The collapse of the oil market and the plunge in stock and bond prices across the energy sector might be a great opportunity for value investors, but Glickman is still cautious. "As much as stocks have been beaten up, the fundamentals have had it worse," he said. "We're still underweight the energy sector, because there's a lot more pain to come."
The reason is a stubborn oversupply of oil in the global market, thanks largely to the "fracking" revolution and the explosive growth of U.S. oil production. In the last five years, it has increased from just over 5 million barrels per day to nearly 9.5 million barrels. With Organization of Petroleum Exporting Country members, such as Saudi Arabia, and big non-OPEC producers, like Russia, refusing to cede market share to U.S. producers, the supply imbalance got worse through 2015.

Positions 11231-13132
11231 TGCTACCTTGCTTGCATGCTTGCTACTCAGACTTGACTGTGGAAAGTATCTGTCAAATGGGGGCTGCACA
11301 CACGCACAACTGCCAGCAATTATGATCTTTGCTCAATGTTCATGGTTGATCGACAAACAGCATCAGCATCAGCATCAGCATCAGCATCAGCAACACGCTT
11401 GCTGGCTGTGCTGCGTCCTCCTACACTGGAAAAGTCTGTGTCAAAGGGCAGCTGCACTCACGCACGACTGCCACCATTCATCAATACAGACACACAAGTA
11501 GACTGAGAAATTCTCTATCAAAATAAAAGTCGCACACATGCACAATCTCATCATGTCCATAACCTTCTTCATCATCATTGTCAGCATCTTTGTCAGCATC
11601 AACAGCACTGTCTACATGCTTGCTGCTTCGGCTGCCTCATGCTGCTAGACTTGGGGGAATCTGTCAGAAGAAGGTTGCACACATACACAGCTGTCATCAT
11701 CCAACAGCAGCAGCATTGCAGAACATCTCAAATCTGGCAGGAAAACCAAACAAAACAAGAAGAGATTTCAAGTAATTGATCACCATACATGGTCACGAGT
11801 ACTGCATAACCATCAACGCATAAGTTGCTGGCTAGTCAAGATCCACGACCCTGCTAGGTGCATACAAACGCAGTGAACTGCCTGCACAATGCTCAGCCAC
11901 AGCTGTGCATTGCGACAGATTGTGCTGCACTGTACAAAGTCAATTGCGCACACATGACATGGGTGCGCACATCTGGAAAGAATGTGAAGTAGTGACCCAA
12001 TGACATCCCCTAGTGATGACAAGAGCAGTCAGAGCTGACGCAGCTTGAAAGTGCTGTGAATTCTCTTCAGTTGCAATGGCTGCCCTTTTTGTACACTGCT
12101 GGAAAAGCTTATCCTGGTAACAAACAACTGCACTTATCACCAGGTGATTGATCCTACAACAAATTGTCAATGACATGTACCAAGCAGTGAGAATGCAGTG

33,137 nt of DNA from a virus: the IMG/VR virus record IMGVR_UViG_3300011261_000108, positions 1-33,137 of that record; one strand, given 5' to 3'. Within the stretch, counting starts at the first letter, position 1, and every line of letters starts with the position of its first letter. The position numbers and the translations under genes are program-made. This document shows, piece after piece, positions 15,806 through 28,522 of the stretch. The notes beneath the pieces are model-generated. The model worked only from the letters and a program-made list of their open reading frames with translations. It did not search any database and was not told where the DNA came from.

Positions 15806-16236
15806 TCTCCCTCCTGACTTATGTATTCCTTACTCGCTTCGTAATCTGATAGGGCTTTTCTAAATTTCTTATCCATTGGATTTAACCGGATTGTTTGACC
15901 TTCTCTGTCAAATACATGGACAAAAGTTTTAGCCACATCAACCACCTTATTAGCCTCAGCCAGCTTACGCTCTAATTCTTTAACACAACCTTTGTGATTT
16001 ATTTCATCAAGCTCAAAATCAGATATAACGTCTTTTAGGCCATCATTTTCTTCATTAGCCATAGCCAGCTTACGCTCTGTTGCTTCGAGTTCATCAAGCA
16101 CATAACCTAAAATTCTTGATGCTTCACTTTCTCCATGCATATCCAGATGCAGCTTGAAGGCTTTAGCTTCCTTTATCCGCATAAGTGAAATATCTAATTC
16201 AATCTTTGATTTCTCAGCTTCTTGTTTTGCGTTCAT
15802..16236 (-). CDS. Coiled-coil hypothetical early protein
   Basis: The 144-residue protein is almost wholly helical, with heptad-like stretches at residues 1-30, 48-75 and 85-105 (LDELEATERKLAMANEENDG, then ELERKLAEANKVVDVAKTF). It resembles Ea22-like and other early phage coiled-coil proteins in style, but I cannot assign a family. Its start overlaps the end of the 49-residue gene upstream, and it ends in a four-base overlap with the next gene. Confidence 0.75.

It may not be as bad as the supply glut in the 1980s that took more than a decade to work through, but the current situation will cause further volatility in the oil price. The oversupply is currently about 1 million barrels per day in production, according to market analysts. The International Energy Agency's forecast of 1 million to 1.2 million barrels in new demand this year may be high, but if it isn't, the excess supply could be worked off fairly quickly.